Friday, April 10, 2015

5 Crazy Things I Learned About Long-Distance Relationships

For two-and-a-half years of our now five-year relationship, I lived in Madison, Wisconsin and my boyfriend lived in Little Rock, Arkansas. Those two cities are over 700 miles apart. Those years taught me a few things I wanted to share with current long-distance lovers or couples contemplating the pursuit of a relationship that crosses state (or country) lines: 
1. It’s very expensive.
Plane tickets from one small airport to another small airport are anything but cheap. To see each other once a month cost about $500 for airfare. I highly recommend working out a system. Some long-distance couples split every ticket 50/50 regardless of who’s traveling. We alternated travel months. If you traveled, you paid for your airfare but didn’t pay for anything else once there. Traveling is tough and tiring! Don’t make the same person travel every month. You both like seeing each other, but no one likes spending $500 dollars a month on airfare or being stuck in an airport for hours on end. Agree on a strategy and start saving your pennies.

2. People will try to talk you out of it.
People were coming out of the woodwork to offer super-helpful anecdotes such as “Oh, I tried long distance. It lasted six months. It’s the worst.” In my whole time long-distance dating, I only had one long-lost friend reach out to me with encouragement—he had just married his long-distance girlfriend. I held onto that story like a starving man clutches a morsel of bread. So many people were telling me all about their long-distance relationships crashing and burning, and it felt like they were implying mine would, too. Ignore them. Focus on your relationship. My long-distance relationship lasted, and so can yours!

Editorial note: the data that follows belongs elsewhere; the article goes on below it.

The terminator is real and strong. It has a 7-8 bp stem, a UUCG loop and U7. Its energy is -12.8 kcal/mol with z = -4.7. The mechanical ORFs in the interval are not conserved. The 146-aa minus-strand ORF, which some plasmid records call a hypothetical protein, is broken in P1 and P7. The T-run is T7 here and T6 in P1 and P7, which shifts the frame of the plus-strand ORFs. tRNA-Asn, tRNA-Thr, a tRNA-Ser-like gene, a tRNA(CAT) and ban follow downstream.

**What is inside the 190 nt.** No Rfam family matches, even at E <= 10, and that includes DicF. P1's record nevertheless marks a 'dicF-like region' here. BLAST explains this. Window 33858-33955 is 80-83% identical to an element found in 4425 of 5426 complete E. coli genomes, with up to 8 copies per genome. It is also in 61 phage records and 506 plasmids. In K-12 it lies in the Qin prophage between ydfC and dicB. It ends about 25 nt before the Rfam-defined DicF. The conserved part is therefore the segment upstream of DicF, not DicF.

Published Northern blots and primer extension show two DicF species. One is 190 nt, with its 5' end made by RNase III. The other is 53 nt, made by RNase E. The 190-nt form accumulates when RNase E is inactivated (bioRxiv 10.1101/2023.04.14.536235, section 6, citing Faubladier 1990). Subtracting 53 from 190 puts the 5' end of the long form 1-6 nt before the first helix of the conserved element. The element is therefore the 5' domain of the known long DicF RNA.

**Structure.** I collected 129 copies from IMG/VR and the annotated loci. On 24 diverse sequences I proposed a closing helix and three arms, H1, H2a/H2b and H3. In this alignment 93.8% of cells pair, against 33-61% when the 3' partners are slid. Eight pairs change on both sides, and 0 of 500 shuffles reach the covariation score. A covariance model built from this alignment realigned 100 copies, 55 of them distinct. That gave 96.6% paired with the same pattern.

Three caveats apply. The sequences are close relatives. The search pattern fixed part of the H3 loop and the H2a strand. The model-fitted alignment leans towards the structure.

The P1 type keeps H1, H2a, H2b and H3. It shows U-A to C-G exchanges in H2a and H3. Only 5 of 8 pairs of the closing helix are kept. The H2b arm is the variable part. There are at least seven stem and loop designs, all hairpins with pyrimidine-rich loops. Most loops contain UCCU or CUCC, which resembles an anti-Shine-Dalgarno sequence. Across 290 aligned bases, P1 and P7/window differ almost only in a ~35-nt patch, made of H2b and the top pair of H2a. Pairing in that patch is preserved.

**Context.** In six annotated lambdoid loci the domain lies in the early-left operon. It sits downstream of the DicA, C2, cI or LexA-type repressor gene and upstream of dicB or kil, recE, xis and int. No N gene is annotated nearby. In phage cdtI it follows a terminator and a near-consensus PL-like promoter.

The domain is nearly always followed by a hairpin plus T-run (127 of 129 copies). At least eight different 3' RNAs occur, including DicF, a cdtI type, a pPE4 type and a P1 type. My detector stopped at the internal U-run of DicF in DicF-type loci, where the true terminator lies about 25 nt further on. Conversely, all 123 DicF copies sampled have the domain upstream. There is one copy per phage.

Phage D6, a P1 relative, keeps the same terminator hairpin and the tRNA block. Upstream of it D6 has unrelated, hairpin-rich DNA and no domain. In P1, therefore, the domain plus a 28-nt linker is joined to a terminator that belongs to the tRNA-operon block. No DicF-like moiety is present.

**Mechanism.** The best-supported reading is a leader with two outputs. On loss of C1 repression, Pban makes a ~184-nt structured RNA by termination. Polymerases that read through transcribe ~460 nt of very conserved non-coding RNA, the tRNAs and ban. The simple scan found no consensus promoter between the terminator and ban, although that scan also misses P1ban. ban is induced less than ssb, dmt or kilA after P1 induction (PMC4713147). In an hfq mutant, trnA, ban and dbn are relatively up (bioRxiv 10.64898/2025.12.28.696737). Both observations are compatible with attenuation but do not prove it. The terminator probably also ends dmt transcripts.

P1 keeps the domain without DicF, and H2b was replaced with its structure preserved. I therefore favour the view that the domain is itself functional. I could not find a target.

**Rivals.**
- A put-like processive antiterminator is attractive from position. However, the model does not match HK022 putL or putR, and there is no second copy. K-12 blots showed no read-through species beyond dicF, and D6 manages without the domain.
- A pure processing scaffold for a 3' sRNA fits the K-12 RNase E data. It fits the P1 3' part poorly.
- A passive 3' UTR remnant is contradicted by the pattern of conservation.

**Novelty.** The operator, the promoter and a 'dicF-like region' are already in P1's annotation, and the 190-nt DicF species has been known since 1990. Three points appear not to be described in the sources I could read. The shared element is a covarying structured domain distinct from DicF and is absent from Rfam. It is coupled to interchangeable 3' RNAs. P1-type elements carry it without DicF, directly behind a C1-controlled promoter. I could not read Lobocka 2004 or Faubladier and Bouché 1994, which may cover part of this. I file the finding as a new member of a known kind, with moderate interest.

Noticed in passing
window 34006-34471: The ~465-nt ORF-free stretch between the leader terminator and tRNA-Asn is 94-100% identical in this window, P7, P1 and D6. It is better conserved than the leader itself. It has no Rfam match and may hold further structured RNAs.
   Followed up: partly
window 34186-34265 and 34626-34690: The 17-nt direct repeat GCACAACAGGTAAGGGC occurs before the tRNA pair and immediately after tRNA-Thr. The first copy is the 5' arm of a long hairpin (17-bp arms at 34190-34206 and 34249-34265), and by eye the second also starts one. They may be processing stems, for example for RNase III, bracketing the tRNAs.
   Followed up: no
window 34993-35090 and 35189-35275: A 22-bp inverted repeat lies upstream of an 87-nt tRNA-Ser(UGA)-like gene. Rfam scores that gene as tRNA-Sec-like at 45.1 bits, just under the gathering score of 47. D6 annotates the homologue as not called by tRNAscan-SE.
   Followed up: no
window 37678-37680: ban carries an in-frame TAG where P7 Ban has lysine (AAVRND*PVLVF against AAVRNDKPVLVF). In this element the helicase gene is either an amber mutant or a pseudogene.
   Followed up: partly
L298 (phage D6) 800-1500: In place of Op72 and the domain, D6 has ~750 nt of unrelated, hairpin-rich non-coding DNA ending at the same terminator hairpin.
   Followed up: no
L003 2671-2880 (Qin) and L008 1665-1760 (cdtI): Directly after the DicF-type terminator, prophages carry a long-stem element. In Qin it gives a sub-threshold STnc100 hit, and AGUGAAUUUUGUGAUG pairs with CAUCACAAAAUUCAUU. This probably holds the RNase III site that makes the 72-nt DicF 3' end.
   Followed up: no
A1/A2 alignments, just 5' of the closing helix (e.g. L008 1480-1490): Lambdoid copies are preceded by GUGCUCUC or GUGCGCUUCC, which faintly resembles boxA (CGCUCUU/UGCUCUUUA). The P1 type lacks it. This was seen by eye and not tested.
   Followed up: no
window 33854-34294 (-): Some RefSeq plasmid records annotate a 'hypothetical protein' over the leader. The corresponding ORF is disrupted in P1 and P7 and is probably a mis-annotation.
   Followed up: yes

3. Every visit feels like a vacation.
This is one of the few good things about long-distance relationships. Each time we saw each other, we would focus one hundred percent on enjoying our time together. We would go out to fancy restaurants and go on adventurous dates. This also made things more expensive, but it was worth the money. I look back on our visits fondly!
4. You’ll start to hate your phone. (But your phone is not your partner.)
You’re prone to spending countless hours on the phone and texting. I’m super-talkative by nature (and likely mildly addicted to my phone), but I still wanted to run it over with my car at times. It is draining to feel constantly chained to your mobile device. Some nights one of us would say, “I really don’t feel like talking on the phone tonight.” You have to be able to accept that and not take it personally. It’s not you, it’s the medium of communication. I also recommend sending packages, letters, or even emails. It’s refreshing to communicate in ways that aren’t exclusively dependent upon your phone.
5. It’s worth it.

In the long run, the temporary long-distance relationship is annoying, but it isn’t a deal-breaker. When you look at it as a temporary logistical challenge rather than a permanent relationship challenge, you realize that you can sustain it together. However, if there are other issues with the relationship, they will likely surface quickly. It is inconvenient to love someone long-distance. I’d rather be in a long-distance relationship with a person who’s right for me than living with someone who is wrong for me. I’d do those two-and-a-half years of long distance again in a heartbeat.

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